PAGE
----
The Lawyer’s new China Elite report contains the most detailed research available on the PRC legal market and contains unparalleled insight into the country's leading law firms. They vary in size, practice focus and geographic coverage, but they all share one common quality – ambition... Read more
This year, The Lawyer’s annual ranking of the largest UK law firms by turnover is available as an interactive, digital benchmarking tool. For the first time this will allow you to manipulate each data set against the metrics of your choice.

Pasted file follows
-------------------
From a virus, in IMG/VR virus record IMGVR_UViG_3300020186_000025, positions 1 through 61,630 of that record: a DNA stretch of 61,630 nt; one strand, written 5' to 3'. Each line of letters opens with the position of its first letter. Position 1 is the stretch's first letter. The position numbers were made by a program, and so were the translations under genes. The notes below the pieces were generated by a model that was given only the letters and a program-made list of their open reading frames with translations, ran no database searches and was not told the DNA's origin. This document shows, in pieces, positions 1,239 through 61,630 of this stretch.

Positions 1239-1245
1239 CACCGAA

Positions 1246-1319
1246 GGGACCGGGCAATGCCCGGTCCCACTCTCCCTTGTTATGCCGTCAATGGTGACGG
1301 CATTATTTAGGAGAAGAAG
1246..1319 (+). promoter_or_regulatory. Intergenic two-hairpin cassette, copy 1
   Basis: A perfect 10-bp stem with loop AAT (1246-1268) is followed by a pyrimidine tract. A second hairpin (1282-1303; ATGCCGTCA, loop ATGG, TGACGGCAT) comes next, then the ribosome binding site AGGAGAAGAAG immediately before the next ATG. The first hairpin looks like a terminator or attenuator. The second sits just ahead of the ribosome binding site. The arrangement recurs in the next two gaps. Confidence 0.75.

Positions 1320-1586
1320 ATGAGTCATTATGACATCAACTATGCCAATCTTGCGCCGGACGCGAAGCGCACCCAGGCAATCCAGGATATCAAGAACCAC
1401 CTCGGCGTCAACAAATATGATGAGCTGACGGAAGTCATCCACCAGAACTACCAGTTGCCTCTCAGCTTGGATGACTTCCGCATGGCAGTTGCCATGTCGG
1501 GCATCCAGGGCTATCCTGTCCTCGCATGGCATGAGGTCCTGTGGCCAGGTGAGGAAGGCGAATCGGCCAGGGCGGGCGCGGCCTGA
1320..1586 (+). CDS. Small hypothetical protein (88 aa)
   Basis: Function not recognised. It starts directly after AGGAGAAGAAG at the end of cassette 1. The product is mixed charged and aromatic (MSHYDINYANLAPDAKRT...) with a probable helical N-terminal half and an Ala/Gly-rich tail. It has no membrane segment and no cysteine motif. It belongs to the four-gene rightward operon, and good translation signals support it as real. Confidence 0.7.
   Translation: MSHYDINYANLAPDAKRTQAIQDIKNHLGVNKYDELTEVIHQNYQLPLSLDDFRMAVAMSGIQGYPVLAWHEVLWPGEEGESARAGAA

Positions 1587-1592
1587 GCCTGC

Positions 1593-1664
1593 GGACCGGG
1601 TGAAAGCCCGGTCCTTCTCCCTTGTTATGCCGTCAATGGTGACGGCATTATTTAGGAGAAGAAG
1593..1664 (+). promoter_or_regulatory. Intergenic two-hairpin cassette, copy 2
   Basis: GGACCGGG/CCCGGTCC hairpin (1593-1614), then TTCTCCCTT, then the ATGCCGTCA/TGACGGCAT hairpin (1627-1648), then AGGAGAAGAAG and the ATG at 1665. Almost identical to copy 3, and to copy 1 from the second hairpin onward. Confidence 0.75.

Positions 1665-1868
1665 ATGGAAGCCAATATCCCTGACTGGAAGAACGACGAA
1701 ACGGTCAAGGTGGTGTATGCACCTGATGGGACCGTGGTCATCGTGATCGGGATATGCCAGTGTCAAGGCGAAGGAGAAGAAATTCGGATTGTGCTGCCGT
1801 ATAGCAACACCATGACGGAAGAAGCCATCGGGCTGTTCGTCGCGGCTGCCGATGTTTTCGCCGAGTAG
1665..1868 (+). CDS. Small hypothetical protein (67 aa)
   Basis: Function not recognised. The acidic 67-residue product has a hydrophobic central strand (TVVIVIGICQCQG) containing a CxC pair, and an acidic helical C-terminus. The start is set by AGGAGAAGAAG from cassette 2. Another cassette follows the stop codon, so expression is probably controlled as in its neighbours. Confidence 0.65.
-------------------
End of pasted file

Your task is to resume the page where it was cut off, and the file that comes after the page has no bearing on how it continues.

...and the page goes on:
Last year Freshfields Bruckhaus Deringer parted company with its longest-standing client the Bank of England (BoE). Now it seems the pair have kissed and made up.
The bank, which had been a Freshfields client since the firm was founded in 1743, distanced itself from the firm after it chose to advise beleaguered mortgage lender Northern Rock.
They were reunited last week, however, when Freshfields advised the bank on its £50bn mortgage rescue plan.
Effectively, the firm, which must have clocked up a fair amount of fees with the BoE over the past 265 years, made a shedload of money advising Northern Rock as a takeover target, and is making a shedload more by helping the bank sort out the mortgage mess that began with Northern Rock.
That's a pretty nifty way of handling client relationships.